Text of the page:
The Adventures of Huckleberry Finn by Mark Twain

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Chapters 32 and 33 Summary and Analysis

New Characters
Mr. Silas Phelps: Tom Sawyer’s uncle

Mrs. Sally Phelps: Tom’s aunt

Huck arrives at the Phelps Plantation, noticing that things are rather “still and Sunday-like.” Everyone seems to be out in the fields, and Huck paints a rather bleak picture of the depressing surroundings. As he approaches the kitchen, he hears the hum of a spinning wheel. He walks up to the house, trying to decide what to say but finally leaving it to Providence. He has aroused fifteen of the sleeping dogs that quickly surround him with their barking and howling. With her rolling pin raised, a servant steps out and silences them. Hearing the commotion, Mrs. Phelps runs out to greet Huck with her spinning stick still in her hand and her children hanging around her skirts. Thinking he is Tom Sawyer, her nephew, she welcomes him with open arms.

Perplexed by her display of affection, he tries to guess who she thinks he is. She questions him about his family, but not knowing who his family is, he cannot answer and finally decides that this might be one of those times when he should risk telling the truth. It isn’t until Mr. Phelps comes home, and she introduces Huck as Tom Sawyer, that he breathes easy again. They have been expecting Tom to arrive on the steamboat for the past few days and are relieved and happy that he is finally here. Comfortable with his new identity, Huck can easily invent believable stories about Tom Sawyer’s family.

The noise of the steamboat on the river, however, suddenly reminds him Tom could be arriving any minute. He must ward off Tom’s appearance until he can explain the misunderstanding to him. He tells Tom’s aunt and uncle that he needs to go into town to pick up his baggage. Convincing them to let him go alone, he heads for town in the wagon and meets Tom Sawyer along the way. Tom thinks he is seeing a ghost, but Huck tells him that he was not murdered. Huck explains the case of mistaken identity at the Phelps Plantation to Tom. Coming up with a plan, Tom assures him all will be well. He puts his trunks in the wagon and tells him he will follow later. Huck also confides in Tom about his intent to steal Jim. To his surprise, Tom agrees to help him. Shocked that Tom would do such a thing, Huck’s high opinion of him falls considerably.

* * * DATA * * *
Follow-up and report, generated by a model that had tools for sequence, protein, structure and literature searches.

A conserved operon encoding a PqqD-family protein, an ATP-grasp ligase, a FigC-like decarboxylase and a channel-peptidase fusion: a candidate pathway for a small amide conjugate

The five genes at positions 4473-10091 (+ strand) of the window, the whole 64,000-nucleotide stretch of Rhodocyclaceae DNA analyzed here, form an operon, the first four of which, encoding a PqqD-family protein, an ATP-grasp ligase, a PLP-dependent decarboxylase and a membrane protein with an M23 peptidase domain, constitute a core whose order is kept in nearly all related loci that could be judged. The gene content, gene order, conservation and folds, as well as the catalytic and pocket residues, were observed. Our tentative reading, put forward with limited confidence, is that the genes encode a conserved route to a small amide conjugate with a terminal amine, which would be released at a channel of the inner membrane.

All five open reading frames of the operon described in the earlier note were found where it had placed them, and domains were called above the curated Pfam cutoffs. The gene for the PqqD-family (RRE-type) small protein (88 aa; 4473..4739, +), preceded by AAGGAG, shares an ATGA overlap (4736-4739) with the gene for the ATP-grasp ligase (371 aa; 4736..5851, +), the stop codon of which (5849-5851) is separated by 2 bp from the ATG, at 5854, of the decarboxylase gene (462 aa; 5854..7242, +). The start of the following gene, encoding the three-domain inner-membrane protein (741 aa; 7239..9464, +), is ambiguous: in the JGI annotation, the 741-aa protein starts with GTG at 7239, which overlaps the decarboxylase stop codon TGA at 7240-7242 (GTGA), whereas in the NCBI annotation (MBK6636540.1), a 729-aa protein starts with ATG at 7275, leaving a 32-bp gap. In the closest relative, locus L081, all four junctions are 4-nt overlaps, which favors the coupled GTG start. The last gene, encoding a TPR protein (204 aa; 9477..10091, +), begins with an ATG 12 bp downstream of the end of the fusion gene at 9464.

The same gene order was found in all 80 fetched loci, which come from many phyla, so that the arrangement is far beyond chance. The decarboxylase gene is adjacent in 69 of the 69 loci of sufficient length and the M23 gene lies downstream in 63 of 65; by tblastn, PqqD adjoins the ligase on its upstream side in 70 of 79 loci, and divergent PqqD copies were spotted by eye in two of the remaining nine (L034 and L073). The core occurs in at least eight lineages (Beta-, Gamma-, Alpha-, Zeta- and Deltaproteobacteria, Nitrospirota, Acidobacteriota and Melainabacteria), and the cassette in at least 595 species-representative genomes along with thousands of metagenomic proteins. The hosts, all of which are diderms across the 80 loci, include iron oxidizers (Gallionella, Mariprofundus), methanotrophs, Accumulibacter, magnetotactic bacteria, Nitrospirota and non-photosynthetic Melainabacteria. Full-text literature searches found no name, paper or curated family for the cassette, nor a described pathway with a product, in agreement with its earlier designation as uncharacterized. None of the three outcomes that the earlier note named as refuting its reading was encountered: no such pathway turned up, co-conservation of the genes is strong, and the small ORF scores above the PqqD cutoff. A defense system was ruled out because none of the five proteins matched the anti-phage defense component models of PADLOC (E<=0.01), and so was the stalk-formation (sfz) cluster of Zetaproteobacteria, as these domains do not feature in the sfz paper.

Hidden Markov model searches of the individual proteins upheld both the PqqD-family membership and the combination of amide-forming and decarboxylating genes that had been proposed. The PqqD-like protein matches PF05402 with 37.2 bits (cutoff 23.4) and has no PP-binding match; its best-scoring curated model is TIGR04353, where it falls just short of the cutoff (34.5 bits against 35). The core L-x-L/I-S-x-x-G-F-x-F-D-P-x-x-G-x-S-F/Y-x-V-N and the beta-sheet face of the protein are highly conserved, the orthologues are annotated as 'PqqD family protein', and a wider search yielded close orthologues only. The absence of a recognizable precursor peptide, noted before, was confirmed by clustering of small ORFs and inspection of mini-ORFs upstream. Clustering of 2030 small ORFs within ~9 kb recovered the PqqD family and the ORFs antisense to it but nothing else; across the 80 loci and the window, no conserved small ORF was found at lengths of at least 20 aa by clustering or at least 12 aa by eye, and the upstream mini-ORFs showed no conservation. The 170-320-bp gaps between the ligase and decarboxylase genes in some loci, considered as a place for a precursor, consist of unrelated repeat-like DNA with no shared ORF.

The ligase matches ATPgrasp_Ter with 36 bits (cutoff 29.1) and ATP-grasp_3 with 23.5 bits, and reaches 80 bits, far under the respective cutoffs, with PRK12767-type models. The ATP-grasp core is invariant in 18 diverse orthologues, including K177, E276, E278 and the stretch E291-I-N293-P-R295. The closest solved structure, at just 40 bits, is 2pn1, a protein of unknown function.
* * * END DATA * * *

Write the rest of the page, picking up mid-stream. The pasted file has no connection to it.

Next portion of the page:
In a little while Aunt Sally and Uncle Silas Phelps see a stranger coming up the driveway. The stranger is Tom Sawyer. They quickly set another plate for dinner to welcome him. He pretends to be on the wrong plantation, but they invite him to stay for dinner just the same. During the course of the conversation the so-called stranger suddenly reaches over and kisses Aunt Sally on the mouth. Shocked and insulted she calls him an “owdacious puppy.” He apologizes and tells her he thought she would like it. He finally ends the practical joke by identifying himself as Sid Sawyer, Tom’s brother. They laugh at his joke, showering him with hugs and kisses.

During supper one of the children begs to see the show in town that night. His dad tells him the show has been cancelled because the runaway slave informed on the actors. Huck knows immediately that it was Jim who was trying to expose the king and the duke. That night he and Tom sneak out to try to warn the pair about the danger they are in, but it is too late. They have been tarred and feathered and are being driven out of town. Huck feels responsible somehow even though he was not to blame. He denounces his conscience that “takes up more room than all the rest of a person’s insides” but is of no value to him. Tom Sawyer agrees.

Discussion and Analysis
Twain’s depressing description of the Phelps Plantation is set in contrast to previous descriptions of the peace and tranquillity of life on the river. It is a “one-horse cotton plantation” with “sickly grass patches” and a yard that is “bare and smooth.” Even the sound of the spinning wheel makes Huck feel lonesome. Huck’s depiction of the plantation,...

(The entire section is 1,116 words.)